As with Volume One (see my review), the most disarming and appealing feature of this tome is its slow and ineluctable building of suspense and empathy as World War I veteran Klemperer steadily weaves the day to day details of his life in Nazi Germany in the 12 years of that regime into a portrait of a rogue state moving irresistably down the path to tyranny and terror. The reader is sucked into the vortex of what it is like to live under such circumstances, where an aging Jewish professor who has built a life of purpose and meaning based on scholarship, hard work, and the belief in the rationalism of the state begins to understand that it will all unravel around him.
As the story continues here, the years of tyranny of National Socialism reach their climax, so that Klemperer, a Jew married to an Aryan woman, increasingly finds solace and relief from the growing insanity swirling around him by concentrating on his academic writing, which he continues against all odds. Even the most simple and basic freedoms are denied them, so his refusal to submit to the progressively more invective growth of lies, invectives, and accusations of the Nazi regime build into a quiet resolve to resist in the way he knows best, by maintaining an intelligent, insightful, and careful witness to the everyday horrors perpetrated with malice and cunning on the Jews as the scapegoat for all of Germany's post-WWI social and economic woes.
One reads in horror as Victor and Eva continue to be persecuted and systematically stripped of everything of meaning to them; their house, car, telephone, typewriter, even their beloved cat. While he understands all too well the dangers for him and his family, he consistently resists the increasingly strident pleas from family members for him to emigrate primarily because he identifies himself first and foremost as a German, and he refuses to abandon the Fatherland to the beastial likes of Hitler and the Nazis. One's sense of horror is magnified by his careful attention to the day to day details of living in the regime, the difficulties in finding socks, or clothing, or a cobbler, or vegetables, coffee, tobacco (both he and Eva are smokers), dealing with increasingly restrictive curfews, the ordeal and shame associated with the enforced wearing of the yellow star of David, the progressive acts of enforced segregation from the general populace, the occasional experiences at degradation at the hands of a youthful crowd of Hitler Youth.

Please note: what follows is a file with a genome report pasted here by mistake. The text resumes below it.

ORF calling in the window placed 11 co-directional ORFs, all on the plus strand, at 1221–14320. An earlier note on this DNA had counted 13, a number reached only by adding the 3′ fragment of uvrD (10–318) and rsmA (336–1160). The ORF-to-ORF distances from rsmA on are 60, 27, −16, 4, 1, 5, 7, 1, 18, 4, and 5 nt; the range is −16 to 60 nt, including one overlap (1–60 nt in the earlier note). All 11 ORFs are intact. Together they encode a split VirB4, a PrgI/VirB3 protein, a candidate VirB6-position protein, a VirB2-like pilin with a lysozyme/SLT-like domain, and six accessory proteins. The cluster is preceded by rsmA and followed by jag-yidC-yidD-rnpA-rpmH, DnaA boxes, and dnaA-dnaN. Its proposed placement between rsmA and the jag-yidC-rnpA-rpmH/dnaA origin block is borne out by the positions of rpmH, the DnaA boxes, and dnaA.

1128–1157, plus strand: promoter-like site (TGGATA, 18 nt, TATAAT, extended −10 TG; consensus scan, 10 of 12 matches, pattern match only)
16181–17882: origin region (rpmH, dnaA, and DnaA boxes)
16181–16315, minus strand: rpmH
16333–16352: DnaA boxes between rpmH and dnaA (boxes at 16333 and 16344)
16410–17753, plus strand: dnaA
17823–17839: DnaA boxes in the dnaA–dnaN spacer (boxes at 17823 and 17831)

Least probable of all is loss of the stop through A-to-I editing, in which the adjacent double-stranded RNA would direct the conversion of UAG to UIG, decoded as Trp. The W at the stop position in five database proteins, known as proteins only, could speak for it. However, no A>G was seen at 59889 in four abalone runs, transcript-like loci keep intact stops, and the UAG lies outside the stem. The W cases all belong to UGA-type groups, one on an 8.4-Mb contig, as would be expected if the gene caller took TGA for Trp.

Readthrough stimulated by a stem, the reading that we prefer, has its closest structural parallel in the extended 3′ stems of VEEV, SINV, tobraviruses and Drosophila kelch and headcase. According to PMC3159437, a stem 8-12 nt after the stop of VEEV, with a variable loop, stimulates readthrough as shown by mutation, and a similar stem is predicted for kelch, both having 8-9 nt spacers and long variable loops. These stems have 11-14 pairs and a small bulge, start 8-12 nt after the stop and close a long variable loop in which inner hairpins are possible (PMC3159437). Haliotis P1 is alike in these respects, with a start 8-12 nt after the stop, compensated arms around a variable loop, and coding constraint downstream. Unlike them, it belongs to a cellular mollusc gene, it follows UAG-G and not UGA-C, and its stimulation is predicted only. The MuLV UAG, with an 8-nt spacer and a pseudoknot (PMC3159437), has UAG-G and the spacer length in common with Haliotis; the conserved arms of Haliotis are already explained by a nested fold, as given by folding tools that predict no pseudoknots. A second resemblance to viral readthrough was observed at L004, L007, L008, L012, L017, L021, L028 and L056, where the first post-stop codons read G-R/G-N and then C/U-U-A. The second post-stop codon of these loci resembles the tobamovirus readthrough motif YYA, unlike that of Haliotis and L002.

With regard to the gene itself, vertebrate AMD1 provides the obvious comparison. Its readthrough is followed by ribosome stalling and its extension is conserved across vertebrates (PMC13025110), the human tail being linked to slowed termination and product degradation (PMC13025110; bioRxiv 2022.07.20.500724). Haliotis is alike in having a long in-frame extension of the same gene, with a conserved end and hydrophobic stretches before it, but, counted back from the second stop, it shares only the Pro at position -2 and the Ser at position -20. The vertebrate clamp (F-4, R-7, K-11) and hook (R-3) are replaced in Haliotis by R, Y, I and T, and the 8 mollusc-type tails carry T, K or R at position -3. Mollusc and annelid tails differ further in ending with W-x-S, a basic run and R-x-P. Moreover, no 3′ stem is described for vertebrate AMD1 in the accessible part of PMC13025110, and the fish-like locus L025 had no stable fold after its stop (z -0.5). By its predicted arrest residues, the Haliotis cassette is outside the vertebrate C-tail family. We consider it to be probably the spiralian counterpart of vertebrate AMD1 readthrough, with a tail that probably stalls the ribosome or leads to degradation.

Yet there is great humanity evidenced here, both within the Jewish community and without it. The pathos of ordinary people caught in the web of a totalitarian state is made quite clear; unlike other academics who recently have argued in belief of a generalized and universalized hate on the part of ordinary Germans leading to their willing complicity in the persecution of Jews, Klemperer offers almost daily testimony of the unending acts of kindness, generosity, and personal risks that everyday citizens take to help and assist Jews to survivie against the dictates of the totalitarian regime. Again and again he is given free food, extra provisions, someone looking deliberately the other way when they did so at personal risk.
In sum, Klemperer seems to acknowledge that life in Nazi Germany was a hell for all of the citizens, Jew and non-Jew alike. He pointedly gives credit to all the Aryans who assit Eva and him as they flee from the Nazis into the more anonymous countryside in the tumult and confusion caused by the firebombing of Dresden. This, like the first volume, is a book that should become required reading for college students in world history.